I really thought I had it. The interview went great, I have more than enough experience and the people who interviewed me seemed to be delighted with everything I said. I realize that this was the first interview I’d had in a few years, but I was really looking forward to this one and honestly don’t think a better opportunity will come any time soon. I really wanted this one! Tammy says it’s important that I keep my head up; she says a job will come soon. I guess I just don’t see it that way.
Feeling rejected is something everyone experiences, no matter how confident we are. Typically, however, while most of us feel distressed when faced with any form of rejection, there are others who are absolutely crushed when they are pushed away in their personal or professional life.Look at your rejection as proof that you’re pushing your limits. Click To Tweet
This can potentially lead to more serious emotional concerns, such as self-rejection and believing one is not good enough and will never be successful. At Rice Psychology Group in Tampa, we understand that rejection can be difficult to deal with, but there are certain steps you and your loved ones can take to handle it in a healthier way.
Rejection, whether personal or professional, can leave you feeling hopeless, but there are ways to help you feel better about yourself.
The Woes of Being Turned Down
According to Elly Prior, relationship therapist and founder of www.professional-counseling.com, we have a natural necessity to feel secure. After being rejected, however, our sense of security is threatened and we often feel abandoned and afraid. While rejection can be common, it can be especially painful or worrisome in situations such as:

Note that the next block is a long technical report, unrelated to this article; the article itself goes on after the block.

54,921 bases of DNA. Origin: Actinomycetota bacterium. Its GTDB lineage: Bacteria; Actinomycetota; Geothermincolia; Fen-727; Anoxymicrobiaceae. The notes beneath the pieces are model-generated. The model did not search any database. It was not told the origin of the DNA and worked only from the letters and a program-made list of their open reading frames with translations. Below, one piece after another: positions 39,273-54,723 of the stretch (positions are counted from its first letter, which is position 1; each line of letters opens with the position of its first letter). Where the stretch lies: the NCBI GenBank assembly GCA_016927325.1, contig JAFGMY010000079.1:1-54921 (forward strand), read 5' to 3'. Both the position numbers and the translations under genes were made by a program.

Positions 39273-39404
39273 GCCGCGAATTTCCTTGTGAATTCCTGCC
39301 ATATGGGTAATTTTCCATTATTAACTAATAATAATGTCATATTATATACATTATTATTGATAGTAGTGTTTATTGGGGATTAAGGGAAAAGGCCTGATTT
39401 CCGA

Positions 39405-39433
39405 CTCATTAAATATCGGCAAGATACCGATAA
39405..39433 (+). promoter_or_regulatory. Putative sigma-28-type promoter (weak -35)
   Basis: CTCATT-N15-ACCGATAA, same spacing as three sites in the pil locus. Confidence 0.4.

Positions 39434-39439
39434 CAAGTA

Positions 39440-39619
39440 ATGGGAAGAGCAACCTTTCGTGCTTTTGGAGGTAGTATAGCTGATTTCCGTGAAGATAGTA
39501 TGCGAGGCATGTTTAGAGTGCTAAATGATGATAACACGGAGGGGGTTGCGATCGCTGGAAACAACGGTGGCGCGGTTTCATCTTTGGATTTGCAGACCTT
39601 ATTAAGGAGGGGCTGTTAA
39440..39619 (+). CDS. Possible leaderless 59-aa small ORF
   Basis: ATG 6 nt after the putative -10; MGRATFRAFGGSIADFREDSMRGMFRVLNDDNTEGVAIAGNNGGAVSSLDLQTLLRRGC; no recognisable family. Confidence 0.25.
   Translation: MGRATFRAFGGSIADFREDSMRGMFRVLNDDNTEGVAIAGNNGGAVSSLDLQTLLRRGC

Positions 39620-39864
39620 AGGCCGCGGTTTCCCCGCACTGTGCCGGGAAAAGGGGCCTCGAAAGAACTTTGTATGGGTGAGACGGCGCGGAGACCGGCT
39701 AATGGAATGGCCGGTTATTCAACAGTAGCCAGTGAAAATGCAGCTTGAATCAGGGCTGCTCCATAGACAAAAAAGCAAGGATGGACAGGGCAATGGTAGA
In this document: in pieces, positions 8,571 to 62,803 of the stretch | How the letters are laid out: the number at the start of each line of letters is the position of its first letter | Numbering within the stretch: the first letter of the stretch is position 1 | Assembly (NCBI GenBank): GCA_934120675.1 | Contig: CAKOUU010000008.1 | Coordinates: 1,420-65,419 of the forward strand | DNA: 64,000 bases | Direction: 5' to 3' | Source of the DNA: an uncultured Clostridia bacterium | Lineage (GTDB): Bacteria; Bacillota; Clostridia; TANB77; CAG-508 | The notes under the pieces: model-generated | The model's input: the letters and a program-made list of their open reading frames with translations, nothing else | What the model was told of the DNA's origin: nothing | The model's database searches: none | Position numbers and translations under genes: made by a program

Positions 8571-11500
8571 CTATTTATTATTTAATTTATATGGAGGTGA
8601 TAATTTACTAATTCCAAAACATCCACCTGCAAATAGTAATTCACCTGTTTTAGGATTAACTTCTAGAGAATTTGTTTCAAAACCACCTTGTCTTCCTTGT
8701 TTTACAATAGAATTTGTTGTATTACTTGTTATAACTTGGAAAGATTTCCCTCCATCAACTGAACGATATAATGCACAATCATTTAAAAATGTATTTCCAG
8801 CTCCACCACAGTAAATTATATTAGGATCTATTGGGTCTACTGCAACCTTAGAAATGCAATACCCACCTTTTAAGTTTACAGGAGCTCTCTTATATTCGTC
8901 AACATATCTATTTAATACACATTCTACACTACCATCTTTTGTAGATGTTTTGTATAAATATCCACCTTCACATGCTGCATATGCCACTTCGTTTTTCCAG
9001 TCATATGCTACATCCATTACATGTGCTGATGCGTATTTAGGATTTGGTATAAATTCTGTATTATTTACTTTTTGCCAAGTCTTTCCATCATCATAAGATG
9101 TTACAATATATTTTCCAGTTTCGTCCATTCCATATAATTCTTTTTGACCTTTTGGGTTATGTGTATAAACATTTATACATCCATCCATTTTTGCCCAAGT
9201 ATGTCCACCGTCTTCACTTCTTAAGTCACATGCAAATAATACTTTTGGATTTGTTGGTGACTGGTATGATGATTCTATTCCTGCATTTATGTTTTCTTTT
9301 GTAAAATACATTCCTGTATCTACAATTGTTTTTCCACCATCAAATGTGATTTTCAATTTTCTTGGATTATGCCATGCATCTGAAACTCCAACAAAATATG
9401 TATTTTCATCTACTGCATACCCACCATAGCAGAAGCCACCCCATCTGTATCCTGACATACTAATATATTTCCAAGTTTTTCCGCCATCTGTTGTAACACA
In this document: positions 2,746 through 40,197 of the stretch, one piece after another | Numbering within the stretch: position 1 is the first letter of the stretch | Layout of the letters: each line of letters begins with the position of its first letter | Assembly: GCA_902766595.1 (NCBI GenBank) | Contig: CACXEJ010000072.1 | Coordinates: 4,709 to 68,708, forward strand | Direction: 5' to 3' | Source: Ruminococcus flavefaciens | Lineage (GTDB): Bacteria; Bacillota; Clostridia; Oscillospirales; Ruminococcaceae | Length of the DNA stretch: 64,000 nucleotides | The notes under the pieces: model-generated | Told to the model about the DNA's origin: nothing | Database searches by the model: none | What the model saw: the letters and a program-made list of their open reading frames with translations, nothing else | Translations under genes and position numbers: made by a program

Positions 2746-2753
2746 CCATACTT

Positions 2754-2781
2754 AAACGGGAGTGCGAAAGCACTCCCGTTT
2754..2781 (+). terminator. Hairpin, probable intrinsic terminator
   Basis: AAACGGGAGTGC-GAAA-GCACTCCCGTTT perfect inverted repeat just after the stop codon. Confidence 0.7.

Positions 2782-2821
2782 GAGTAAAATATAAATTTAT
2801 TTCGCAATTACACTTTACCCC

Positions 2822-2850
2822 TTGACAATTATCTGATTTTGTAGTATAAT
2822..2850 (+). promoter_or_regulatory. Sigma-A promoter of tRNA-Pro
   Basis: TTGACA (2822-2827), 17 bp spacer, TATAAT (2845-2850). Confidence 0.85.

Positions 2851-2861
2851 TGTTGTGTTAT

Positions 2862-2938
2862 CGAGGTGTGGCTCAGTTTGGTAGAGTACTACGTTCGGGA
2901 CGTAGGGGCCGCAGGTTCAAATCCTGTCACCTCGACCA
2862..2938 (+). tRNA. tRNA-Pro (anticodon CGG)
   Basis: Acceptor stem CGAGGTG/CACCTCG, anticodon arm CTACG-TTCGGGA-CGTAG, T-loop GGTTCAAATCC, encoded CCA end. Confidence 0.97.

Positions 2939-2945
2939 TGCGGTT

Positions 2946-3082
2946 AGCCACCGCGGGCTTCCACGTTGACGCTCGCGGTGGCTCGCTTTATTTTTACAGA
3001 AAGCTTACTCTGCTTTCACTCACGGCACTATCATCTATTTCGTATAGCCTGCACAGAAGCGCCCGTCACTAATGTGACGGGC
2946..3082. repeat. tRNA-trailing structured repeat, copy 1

- The end of a relationship
- Applying for a job
- Applying for a promotion
- Asking someone out on a date
- Attempting to join a club or other social group
It’s important to understand that everyone deals with rejection in very different ways. While some bounce straight back and try again, others can shy away from attempting to reach their goals. This second group of people is more likely to engage in behavior that can potentially lead to additional rejection. They can also experience more loneliness as they dodge rejection by avoiding social or professional interactions as a whole.
The Steps to Cope
Dealing with rejection can be difficult, but at Rice Psychology Group, we believe that there are certain necessary steps you can take to cope:
- Acknowledge the event – Facing your uncomfortable emotions is an important step in coping with your discomfort in a healthy way. Rejection is common, and pain and distress are normal, so accept the event and the fact that it was painful.
- A testament of your efforts – Look at your rejection as proof that you’re pushing your limits.
- Move on – By dwelling on the event, you can potentially give way to self-blame and make it more difficult to move forward.
- Look beyond the embarrassment– Everyone has experienced rejection at some point in his or her life. While it may feel like a monumental life event when rejection happens to you, the likelihood is that others won’t think any less of you for going through it.
- Rejection does not define you – If you’ve been turned down for a job or rejected by a potential love interest, it doesn’t mean you’re incompetent or unlovable. A person’s opinion or the event you’ve experienced should not have an impact on your self-worth.
Let Rice Psychology Group Help
Our psychologists understand that rejection can be painful and sometimes difficult to deal with. However, we also believe that with a little work you can find your way out of a rut and back on the path towards feeling better. If you or a loved one is having trouble coming to terms and dealing with rejection, our Tampa psychologists are ready to help. We’ll listen to your story in a comfortable environment and help you find the solution to the issue.
Don’t let rejection get in the way of your life. For more information about what Rice Psychology Group has to offer, give us a call in Tampa today.